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School of Engineering

Polyhack 2018 invites participants to solve problems at any scale

Monday, October 15, 2018
Eighteen teams presented their projects at this year's hackathon. The winners included a dancing robot, an app to find rental bicycles, and an app that lets you enjoy the same playlist that you heard at a coffee shop based on geotagging.
A group of students with computers at a table.

On October 12 and 13, 2018, PolyHack attendees descended on 574 Boston Ave. They coalesced into teams of one to five people “to solve problems at any scale using the knowledge and skills they’ve acquired through the university and beyond.” Some team members met each other for the first time that weekend, and not all were majors in computer science. But for two days, fueled by burritos, quesadillas, six-foot subs, and caffeine in all its varieties, they collaborated to translate their visions into working code. PolyHack sponsors included Hubspot, Chewy, Adobe, Paytronix, Adobe, Redline, mongoDB, TripAdvisor and Google.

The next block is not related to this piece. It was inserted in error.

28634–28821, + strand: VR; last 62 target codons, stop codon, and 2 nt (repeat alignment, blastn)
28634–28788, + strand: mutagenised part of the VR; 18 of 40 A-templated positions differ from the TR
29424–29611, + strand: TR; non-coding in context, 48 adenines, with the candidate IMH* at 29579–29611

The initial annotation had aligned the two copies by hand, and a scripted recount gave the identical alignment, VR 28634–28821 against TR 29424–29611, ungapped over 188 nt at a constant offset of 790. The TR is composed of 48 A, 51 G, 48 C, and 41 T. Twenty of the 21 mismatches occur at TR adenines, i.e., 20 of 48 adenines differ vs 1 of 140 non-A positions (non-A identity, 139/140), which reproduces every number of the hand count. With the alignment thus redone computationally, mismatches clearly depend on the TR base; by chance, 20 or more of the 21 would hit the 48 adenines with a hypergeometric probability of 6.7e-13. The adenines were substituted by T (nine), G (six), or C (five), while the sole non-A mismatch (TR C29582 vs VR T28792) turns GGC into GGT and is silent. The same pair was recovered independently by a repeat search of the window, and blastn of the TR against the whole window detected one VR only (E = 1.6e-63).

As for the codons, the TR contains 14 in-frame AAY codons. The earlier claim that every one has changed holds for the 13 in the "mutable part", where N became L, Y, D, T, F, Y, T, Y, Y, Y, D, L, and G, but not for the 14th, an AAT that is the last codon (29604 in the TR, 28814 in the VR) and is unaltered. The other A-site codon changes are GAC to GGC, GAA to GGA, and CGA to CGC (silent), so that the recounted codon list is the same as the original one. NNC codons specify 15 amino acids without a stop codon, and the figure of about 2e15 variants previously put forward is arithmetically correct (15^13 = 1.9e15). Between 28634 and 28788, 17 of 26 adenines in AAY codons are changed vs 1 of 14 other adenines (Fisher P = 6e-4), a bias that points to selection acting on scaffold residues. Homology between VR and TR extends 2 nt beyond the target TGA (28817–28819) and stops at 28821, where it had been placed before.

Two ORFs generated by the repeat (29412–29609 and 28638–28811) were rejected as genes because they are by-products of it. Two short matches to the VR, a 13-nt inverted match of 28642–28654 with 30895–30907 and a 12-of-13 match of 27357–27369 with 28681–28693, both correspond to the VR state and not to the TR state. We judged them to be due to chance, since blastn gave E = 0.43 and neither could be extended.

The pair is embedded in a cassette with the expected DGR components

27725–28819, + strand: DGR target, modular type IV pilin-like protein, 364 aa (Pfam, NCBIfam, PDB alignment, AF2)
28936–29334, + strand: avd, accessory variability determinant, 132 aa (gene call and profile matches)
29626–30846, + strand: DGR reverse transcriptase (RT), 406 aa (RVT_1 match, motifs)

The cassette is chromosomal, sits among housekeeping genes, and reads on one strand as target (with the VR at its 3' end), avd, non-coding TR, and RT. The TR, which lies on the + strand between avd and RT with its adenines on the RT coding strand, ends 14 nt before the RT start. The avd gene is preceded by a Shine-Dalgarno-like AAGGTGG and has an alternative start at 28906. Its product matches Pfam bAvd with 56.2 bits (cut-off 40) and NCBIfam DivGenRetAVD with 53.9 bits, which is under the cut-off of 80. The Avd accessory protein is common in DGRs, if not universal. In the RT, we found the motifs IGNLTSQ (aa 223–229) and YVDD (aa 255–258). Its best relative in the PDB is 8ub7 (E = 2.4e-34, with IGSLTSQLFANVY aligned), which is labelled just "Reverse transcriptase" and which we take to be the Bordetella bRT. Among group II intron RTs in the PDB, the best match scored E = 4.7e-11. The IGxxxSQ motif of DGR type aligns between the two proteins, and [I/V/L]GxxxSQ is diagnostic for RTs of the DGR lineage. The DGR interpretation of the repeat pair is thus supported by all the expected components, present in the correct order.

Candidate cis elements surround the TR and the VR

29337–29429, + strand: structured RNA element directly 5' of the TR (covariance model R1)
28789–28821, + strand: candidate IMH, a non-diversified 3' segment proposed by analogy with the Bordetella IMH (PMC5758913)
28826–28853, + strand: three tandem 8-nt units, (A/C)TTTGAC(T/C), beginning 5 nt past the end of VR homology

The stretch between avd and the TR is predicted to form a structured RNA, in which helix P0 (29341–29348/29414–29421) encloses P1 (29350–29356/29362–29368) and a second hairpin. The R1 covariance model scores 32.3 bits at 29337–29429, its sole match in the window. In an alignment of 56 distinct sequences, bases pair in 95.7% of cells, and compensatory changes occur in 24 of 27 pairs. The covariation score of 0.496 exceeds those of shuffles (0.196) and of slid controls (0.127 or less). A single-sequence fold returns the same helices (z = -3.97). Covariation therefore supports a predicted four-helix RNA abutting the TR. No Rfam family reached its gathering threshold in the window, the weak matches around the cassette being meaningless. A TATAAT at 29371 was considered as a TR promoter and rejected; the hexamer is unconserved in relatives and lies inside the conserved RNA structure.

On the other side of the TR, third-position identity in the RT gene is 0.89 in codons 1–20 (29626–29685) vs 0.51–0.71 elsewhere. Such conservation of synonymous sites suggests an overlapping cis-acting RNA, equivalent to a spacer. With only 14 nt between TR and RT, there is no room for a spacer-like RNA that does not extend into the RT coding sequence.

In the end, 18 teams presented their projects, and alumni mentors assisted the students with their projects throughout the night. A five-pound bag of gummy bears was awarded to the Audience Favorite, an app called FacialGreeter. FacialGreeter creator Hao Wei (Daniel) Lan designed the app to recognize and greet specific people based on facial recognition capabilities, but he discovered something more sinister in the creation process, as he laid out in his presentation.

Fitz the Dancing Robot won first place. FindCycle, which locates available rental bicycles near you or on route to your location, came in second. Jamblr, an app which allows users to find the playlist they just heard by geotagging where they heard it, won the HubSpot prize, and TopTrips, a competitive game using online reviews as fodder, won the TripAdvisor and Best Game prizes.